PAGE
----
Simultaneous In Situ Detection of DNA Fragmentation and RNA/DNA Oxidative Damage Using TUNEL Assay and Immunohistochemical Labeling for 8-Hydroxy-2′-Deoxyguanosine (8-OHdG)

  • Alexander E. Kalyuzhny
Part of the Methods in Molecular Biology book series (MIMB, volume 203)


Analysis of DNA fragmentation using Terminal deoxynucleotidyl Transferase (TdT)-mediated nick end-labeling (TUNEL) is a very sensitive technique for in situ detection of various types of DNA breaks in cells undergoing apoptosis and/ or necrosis (1, 2, 3, 4, 5, 6). TUNEL technique is widely used, for instance, to study mechanisms underlying early development and morphogenesis (7, 8, 9, 10, 11, 12, 13, 14), aging (15, 16, 17, 18, 19, 20, 21, 22, 23, 24), cancer (25,5,25, 26, 27, 28, 29, 30, 31, 32, 33, 34, 35) and neurodegenerative diseases (36,20,21,36, 37, 38, 39, 40, 41, 42, 43, 44). TUNEL detects the DNA fragmentation, which represents the end point of DNA degradation in apoptosis but does not depict primary stimuli that caused irreversible disruption to the integrity of DNA. Oxidative stress is one of such primary stimuli and there is a great deal of research aimed at unraveling the molecular mechanisms underlying oxidative damage to DNA by so-called reactive oxygen species (ROS) and oxygen radicals. Oxidative damage has been implicated in a wide variety of neurodegenerative disorders including Alzheimer’s dementia, amyotrophic lateral sclerosis, Huntington’s disease and Parkinson’s disease (45, 46, 47, 48, 49, 50, 51, 52, 53, 54, 55). Formation of 8-hydroxy-2′-deoxyguanosine (8-OHdG) is the most common modification of DNA caused by oxidative stress. Therefore, immunohistochemical quantification of 8-OHdG would be a valuable tool in determining the extent of oxidative DNA damage caused by ROS. On the other hand, methods analyzing the oxidative damage to the DNA, are not sufficient alone either, since they do not reveal whether oxidative stress will result in apoptosis and cell death or not. Thus, it appears that limitations of each individual assay may be overcome if both techniques are combined in a single assay that is applied to the same cytological of histological specimen.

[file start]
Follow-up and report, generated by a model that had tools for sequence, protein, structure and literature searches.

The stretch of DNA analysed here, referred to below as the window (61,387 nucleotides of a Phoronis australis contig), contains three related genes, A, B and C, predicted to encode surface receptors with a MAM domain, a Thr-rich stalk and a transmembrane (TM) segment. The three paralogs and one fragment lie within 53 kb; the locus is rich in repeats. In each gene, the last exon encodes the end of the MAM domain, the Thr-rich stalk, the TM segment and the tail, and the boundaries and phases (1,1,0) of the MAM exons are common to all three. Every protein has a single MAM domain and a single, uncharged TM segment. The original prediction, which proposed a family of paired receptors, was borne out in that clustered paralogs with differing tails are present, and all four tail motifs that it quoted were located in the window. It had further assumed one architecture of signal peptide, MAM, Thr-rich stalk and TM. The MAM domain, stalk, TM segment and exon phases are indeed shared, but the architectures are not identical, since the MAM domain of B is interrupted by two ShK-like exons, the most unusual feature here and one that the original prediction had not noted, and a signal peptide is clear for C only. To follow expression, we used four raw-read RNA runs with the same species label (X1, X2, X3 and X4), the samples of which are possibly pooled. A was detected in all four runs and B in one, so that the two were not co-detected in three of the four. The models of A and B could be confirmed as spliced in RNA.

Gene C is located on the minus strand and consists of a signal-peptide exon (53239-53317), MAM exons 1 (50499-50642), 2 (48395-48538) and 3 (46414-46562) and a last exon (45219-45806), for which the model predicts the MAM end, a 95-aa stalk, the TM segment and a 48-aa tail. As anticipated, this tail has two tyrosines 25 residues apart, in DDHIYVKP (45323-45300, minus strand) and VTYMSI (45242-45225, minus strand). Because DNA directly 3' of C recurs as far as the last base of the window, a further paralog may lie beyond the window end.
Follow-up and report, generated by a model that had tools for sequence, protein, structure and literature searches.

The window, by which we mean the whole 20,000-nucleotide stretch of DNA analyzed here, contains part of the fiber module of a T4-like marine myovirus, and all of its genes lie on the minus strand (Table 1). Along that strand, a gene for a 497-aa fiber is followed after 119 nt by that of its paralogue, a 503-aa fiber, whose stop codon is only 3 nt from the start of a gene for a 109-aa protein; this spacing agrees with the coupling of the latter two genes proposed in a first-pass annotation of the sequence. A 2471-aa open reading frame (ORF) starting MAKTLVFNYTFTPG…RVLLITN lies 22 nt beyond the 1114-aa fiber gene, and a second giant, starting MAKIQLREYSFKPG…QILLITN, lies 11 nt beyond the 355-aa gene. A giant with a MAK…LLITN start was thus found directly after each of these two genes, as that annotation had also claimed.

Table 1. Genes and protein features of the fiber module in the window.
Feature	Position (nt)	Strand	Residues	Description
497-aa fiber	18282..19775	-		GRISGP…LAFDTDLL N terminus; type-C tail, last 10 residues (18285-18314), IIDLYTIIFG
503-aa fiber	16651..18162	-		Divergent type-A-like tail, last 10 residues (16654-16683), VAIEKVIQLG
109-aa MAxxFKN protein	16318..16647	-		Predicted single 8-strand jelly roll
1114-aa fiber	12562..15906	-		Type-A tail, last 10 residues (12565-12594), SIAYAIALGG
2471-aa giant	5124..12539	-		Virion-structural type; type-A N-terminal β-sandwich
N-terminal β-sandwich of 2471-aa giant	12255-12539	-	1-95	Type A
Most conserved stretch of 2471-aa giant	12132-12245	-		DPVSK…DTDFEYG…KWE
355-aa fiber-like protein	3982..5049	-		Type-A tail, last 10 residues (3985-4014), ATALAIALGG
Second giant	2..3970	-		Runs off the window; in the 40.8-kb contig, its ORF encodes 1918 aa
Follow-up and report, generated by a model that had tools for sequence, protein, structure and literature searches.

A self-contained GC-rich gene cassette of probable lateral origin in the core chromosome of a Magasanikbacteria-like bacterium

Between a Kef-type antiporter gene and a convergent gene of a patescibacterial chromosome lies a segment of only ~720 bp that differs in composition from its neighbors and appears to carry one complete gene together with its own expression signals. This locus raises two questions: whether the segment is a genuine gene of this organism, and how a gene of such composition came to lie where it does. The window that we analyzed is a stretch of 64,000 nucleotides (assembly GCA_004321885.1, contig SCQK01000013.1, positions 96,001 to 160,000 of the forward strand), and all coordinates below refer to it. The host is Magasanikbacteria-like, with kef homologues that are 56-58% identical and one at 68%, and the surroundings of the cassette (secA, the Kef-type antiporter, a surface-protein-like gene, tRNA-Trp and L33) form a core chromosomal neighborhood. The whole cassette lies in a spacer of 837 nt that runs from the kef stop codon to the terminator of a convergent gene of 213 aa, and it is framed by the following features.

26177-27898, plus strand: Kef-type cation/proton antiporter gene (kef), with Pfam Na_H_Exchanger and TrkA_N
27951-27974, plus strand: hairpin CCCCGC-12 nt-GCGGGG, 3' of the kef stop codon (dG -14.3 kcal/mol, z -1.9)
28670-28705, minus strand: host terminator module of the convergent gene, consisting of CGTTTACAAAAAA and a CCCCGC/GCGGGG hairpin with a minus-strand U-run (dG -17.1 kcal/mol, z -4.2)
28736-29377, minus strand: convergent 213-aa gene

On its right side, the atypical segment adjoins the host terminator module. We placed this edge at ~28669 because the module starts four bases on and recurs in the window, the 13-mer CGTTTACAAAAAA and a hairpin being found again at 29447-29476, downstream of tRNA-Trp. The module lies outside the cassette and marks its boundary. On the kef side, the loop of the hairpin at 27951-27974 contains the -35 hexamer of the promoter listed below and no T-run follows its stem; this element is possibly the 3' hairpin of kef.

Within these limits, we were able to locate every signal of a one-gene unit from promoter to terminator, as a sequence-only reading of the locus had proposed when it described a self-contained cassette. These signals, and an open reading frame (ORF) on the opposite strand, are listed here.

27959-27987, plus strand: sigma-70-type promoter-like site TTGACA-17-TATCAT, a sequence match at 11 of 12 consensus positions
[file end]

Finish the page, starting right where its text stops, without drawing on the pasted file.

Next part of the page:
Amyotrophic Lateral Sclerosis Dorsal Root Ganglion Dorsal Root Ganglion Neuron TUNEL Assay Terminal Deoxynucleotidyl Transferase 
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Copyright information

© Humana Press Inc. 2002

Authors and Affiliations

  • Alexander E. Kalyuzhny
    • 1
  1. 1.Department of NeuroscienceUniversity of MinnesotaMinneapolis

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